Early in their marriage (we won't say how many decades ago . . . ) , Ellie turned to Carl and said, “What if we bought our own press?” Having been an after-school printer's devil, he already knew how to read upside down and backward. She had been captivated by type and letterform, first as a cartographer and later as a designer. Together, they were producing maps and atlases — always with an interest in the technical side of laying ink on paper. Later, they developed graphic software. She directed the look and feel; he positioned himself under the hood with the digital nuts and bolts. The C&P Old Style press they bought on impulse occupied a corner in their Seattle basement before following them through five moves. It cranked out countless cards and invitations but has since been replaced by a Vandercook and a Pilot. Carl and Ellie use these to print poetry broadsides and whatever else strikes their fancy.

 

Carl Youngmann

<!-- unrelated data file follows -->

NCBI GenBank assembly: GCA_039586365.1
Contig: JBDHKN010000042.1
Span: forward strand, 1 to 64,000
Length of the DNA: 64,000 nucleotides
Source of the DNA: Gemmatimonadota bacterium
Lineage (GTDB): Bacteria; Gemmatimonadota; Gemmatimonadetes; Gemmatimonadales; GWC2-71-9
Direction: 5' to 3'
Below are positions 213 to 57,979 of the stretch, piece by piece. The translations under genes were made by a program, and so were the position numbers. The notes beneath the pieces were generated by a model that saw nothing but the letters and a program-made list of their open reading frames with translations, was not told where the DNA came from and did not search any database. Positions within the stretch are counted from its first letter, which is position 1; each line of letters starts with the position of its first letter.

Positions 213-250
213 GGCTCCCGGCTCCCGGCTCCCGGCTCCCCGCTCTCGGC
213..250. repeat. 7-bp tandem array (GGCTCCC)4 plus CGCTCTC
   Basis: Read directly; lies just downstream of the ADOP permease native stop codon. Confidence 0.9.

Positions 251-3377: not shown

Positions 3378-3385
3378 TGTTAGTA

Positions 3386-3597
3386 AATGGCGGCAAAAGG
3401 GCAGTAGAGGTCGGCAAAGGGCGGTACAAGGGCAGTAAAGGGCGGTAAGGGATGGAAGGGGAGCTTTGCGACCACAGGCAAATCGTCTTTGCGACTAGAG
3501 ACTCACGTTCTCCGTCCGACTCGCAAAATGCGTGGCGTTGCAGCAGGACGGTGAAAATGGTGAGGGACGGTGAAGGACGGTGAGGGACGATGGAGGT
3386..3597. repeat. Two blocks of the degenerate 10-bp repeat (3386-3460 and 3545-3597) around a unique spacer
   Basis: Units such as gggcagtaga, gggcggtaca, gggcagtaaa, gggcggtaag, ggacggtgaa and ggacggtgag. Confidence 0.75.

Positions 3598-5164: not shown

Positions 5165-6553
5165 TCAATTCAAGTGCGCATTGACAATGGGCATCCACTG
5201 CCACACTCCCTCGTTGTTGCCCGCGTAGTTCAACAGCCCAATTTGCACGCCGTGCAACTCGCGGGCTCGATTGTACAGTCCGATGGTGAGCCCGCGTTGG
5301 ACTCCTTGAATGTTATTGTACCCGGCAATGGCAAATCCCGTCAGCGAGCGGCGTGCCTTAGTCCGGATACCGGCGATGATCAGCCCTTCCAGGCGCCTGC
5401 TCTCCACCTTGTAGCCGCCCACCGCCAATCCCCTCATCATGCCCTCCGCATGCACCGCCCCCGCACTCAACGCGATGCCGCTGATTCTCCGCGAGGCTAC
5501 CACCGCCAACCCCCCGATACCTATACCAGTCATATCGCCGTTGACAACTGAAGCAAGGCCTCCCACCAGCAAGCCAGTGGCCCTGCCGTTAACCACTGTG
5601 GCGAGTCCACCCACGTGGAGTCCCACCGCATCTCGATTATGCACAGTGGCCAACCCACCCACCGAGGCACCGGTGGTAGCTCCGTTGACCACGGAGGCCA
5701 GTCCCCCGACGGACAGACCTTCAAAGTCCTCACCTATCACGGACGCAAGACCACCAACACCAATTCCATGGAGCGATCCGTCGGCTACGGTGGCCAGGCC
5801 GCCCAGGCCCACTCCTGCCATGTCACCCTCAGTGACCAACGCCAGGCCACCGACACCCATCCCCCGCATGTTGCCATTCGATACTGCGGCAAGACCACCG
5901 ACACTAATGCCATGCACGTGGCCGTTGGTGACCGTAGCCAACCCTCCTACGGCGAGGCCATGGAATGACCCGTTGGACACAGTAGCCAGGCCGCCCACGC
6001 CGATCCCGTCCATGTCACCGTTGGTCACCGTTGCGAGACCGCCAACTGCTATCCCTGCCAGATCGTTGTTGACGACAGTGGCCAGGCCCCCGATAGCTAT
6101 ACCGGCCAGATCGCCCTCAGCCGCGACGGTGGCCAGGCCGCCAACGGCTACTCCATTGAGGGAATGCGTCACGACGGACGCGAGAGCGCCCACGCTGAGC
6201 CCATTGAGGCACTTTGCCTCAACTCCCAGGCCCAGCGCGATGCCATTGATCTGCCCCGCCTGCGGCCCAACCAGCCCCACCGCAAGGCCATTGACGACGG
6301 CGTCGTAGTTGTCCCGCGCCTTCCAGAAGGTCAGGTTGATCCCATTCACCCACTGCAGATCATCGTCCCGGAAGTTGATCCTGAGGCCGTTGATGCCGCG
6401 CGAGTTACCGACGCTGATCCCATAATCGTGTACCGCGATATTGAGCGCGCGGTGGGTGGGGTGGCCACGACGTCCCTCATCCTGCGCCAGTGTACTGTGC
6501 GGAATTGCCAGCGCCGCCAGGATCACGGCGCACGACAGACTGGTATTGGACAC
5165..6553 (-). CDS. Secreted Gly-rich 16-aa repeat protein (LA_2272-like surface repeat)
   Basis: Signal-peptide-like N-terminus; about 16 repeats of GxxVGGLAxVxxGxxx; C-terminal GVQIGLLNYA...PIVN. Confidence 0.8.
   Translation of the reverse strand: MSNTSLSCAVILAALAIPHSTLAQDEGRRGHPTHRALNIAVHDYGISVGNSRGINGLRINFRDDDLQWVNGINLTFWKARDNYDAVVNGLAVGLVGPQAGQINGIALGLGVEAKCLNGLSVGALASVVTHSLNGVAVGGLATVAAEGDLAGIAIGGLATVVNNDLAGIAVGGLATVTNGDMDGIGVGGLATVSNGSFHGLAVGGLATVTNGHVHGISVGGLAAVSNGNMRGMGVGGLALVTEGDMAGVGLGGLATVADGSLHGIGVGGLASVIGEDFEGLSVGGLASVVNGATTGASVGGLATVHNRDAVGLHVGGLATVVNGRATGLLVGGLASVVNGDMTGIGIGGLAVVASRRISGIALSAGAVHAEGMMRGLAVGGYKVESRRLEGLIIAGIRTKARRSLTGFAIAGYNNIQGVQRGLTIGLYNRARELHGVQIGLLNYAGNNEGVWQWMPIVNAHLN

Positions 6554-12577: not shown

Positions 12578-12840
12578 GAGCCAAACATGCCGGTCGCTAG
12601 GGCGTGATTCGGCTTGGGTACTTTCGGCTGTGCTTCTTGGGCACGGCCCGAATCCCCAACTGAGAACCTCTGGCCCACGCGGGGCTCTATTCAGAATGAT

Carl Youngmann's interest in printing began in high school when he worked as a printer's devil at Arvada Printing & Western Typesetting in Colorado, a production job shop where people came for custom forms, envelopes, and stationery. Carl remembers with fondness and respect the peculiarities of operating a Linotype machine. Since then he has restored and maintained half a dozen presses and is fearless when it comes to taking them apart.

Carl holds a PhD in Geography from the University of Kansas. He taught cartography and geographic information systems at the university level and later developed mapping and medical image analysis software. He ended his professional career as a consultant to medical device manufacturers who were applying for FDA marketing approval.

Ellie Mathews

Ellie Mathews takes pleasure in keeping about 175 fonts of metal type organized. “All you really need is one,” she's apt to say, “. . . one at a time, that is.” She holds a degree in geography from the University of Washington with emphasis on cartography and graphic arts. She worked in design and software development. She is the author of four books: two nonfiction, a middle grades novel and a memoir. She has won cooking and writing awards including the Milkweed Prize for Children's Literature, a grant from the Seattle Artists Program for Literary Artists, a Fishtrap Fellowship, and the Pillsbury Bake-Off grand prize. Look for her winning recipe on this site's Gallery page. It's called A Pretty Good Chicken Dinner.